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Carbon Accounting Takes to the Skies

The Carbon Offsetting and Reduction Scheme for International Aviation

New Trajectory for International Aviation

International aviation is responsible for approximately 2% of global CO2 emissions, with 3.8 billion passengers taking flight in 2016. A recently released forecast from the International Air Transport Association (IATA) reveled that passenger numbers are expected to double to 7.8 billion by 2036. The challenge to the aviation industry is how to manage this exponential growth without contributing to global warming and major disruptions in climate and hydrology cycles.

In 2009, the member states of the International Civil Aviation Organisation (ICAO) announced their global climate action plan, which consists of three global goals - the most ambitious being a commitment for international aviation to achieve carbon neutral growth from 2020 onwards. In other words, after 2020, there will be no increase in net carbon emissions from international aviation.

Stabilizing the growth in emissions from air travel will require great innovation from the industry through efficiencies, new technology advancements and alternative fuels. Recognizing that new innovations require years to complete R&D and commercialize, ICAO has adopted a global market-based measure for aviation emissions, known as CORSIA, the Carbon Offsetting and Reduction Scheme for International Aviation.

What is CORSIA

As the name suggests, CORSIA is a carbon offsetting scheme to assist international airlines in neutralizing direct aviation emissions. Carbon offsetting allows a company to compensate for its emissions by financing a reduction in emissions elsewhere – providing an effective option for sectors where the potential for further emissions reductions is currently limited. For greenhouse gas reduction projects, carbon offsets create a funding mechanism to overcome financial barriers such as long payback periods or low overall returns on investment. As examples, carbon offsets can help conservation efforts of vast forested lands, funding for alternative energy solutions in impoverished countries, or shifting from polluting to clean technology solutions.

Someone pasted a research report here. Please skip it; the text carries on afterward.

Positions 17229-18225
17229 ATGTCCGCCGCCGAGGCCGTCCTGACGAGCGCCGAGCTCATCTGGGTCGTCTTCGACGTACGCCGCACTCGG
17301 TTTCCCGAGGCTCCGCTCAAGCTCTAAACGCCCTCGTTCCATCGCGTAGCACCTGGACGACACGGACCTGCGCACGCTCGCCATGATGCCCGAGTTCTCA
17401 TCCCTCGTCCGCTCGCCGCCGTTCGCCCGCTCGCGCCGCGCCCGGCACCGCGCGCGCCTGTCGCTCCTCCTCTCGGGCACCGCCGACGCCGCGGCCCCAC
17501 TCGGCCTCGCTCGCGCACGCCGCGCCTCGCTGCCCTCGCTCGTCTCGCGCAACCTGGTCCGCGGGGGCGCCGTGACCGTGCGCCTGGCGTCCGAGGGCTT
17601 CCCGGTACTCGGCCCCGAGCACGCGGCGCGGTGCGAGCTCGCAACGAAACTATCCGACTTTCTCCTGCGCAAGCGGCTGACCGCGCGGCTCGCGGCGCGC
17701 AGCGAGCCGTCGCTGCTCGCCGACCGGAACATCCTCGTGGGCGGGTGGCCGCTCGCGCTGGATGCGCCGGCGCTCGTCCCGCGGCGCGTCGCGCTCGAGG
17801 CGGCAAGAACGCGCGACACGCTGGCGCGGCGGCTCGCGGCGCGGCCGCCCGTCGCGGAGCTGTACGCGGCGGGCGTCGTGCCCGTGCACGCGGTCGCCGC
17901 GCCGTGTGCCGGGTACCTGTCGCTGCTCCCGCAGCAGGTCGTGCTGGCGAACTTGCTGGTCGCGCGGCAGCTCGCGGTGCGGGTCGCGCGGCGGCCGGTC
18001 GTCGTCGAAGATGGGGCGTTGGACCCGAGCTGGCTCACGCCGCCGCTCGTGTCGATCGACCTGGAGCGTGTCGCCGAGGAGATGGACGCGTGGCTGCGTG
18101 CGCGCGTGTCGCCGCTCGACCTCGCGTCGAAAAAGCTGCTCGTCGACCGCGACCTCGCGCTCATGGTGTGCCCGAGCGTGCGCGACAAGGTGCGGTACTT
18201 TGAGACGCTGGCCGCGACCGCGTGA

To meet ICAO’s goal of carbon neutral growth from 2020 onwards, airlines will purchase carbon offsets for emissions that exceed 2020 baseline levels. In participating states, international aviation’s net emissions will be flat-lined, while other emissions-reducing measures, such as fuel switching and new technologies, are developed and refined.

CORSIA only applies to international aviation, as reducing emissions from domestic aviation is covered under the Paris Agreement and is the responsibility of governments and the UNFCC. Least developed countries, small island developing states, and landlocked developing countries (as defined by the United Nations) are exempt from CORSIA, unless they volunteer to participate.

Phased-In Approach

CORSIA operates using a phased-in approach and state participation in the first phase (2021-2026) of the scheme is voluntary. As of January 2018, however, 73 states have already volunteered, who together make up 87.7% of global aviation (and include Canada, US, and most of Europe). After 2027, all states whose individual share of global aviation is greater that 0.5% are required to participate.

What Emissions are Included?

CORSIA uses a route-based approach. Only emissions from flights where both the origin and destination countries are part of CORSIA, are included in the scheme (e.g. Canada to US flights are included, whereas Canada to Greenland flights are not included). Knowing the participating countries and routes, the offsetting requirements of individual airline operators are calculated.

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“2036 Forecast Reveals Air Passengers Will Nearly Double to 7.8 Billion”. IATA. http://www.iata.org/pressroom/pr/Pages/2017-10-24-01.aspx

“Fact Sheet. Climate Change & CORSIA”. IATA. https://www.iata.org/pressroom/facts_figures/fact_sheets/Documents/fact-sheet-climate-change.pdf

United Nations- Office of the High Representative for the Least Developed Countries, Landlocked Developing Countries and Small Island Developing States,


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